While packet brokering can reduce traffic, it requires programming knowledge to maintain complex rules. And although some systems provide a level of application filtering, it's hard to use, identifies a limited number of applications, and doesn't typically share this insight. Furthermore, the filters require ongoing maintenance to keep up with changing application behaviour.
A cloud suite with application filtering intelligence (AFI) can bring application awareness to multi-cloud environments. Public cloud (AWS and Azure) or private (VMware and Nutanix) are all covered.
A cloud suite will automatically extend Layer 7 visibility to identify more than 3,500 common business and network applications traversing the network and lets IT select and deliver only high-value or high-risk data based on application, location, and activity.
Seek an AFI that classifies applications into categories that automatically update as the landscape evolves. This allows a team to take actions on a ‘family' of applications versus setting policies on individual apps. Examples of application families include antivirus, audio/video, database, ERP, gaming, messenger, peer-to-peer, telephony, webmail and dozens more.
Each tool is more efficient since it no longer needs to store and process large volumes of irrelevant traffic. NetOps can apply existing tools across a larger area by prioritising only core business applications and accelerating the investigation of network and application performance issues with easier data isolation.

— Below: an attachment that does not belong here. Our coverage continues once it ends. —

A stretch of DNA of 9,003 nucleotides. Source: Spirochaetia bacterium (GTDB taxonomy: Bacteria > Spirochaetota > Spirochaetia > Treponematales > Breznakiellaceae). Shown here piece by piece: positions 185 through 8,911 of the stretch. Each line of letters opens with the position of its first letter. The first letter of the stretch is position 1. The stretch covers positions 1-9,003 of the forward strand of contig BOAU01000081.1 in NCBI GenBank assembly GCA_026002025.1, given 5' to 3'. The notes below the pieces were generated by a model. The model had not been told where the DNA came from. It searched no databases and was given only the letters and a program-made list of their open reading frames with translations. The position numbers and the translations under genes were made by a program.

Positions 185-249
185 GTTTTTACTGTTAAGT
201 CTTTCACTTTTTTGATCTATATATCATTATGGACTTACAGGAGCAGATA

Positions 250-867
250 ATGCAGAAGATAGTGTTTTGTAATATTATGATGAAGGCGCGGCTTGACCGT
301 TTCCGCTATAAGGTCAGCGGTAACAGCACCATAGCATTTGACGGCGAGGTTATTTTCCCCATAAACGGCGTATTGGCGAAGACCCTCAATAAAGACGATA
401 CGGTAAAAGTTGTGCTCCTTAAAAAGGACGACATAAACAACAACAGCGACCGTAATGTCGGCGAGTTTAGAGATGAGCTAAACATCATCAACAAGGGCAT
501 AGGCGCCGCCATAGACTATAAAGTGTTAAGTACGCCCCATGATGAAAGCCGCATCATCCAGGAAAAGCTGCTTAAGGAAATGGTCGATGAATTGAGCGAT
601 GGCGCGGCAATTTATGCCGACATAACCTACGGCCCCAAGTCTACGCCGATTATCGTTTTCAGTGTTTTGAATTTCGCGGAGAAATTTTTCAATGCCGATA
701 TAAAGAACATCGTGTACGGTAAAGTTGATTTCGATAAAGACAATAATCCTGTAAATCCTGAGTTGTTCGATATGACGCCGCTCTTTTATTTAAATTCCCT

SecOps teams can extend current tools to a larger attack surface, securing more of the network and preventing sensitive data, such as personally identifiable information (PII), from being routed to monitoring and recording tools. For more on how to benefit from AFI, check out this paper.
Not only is identifying applications a serious challenge in the cloud, but obtaining even basic metadata, such as NetFlow, is problematic in public IaaS. IT can derive basic details, such as which IP addresses are used and by whom, along with port and protocol details.
But what is required is summarised, context-aware information about raw packets, based on Layers 4–7, that provides insights into user behaviour, security breaches, customer experience and infrastructure health.
Advanced metadata attributes expand app layer visibility and support a comprehensive approach to obtaining application behaviour. Especially when deploying workloads in the cloud, IT can acquire critical flow details, reduce false positives by separating signal from noise, identify nefarious data extraction, and accelerate threat detection through proactive, real-time traffic monitoring and troubleshooting forensics.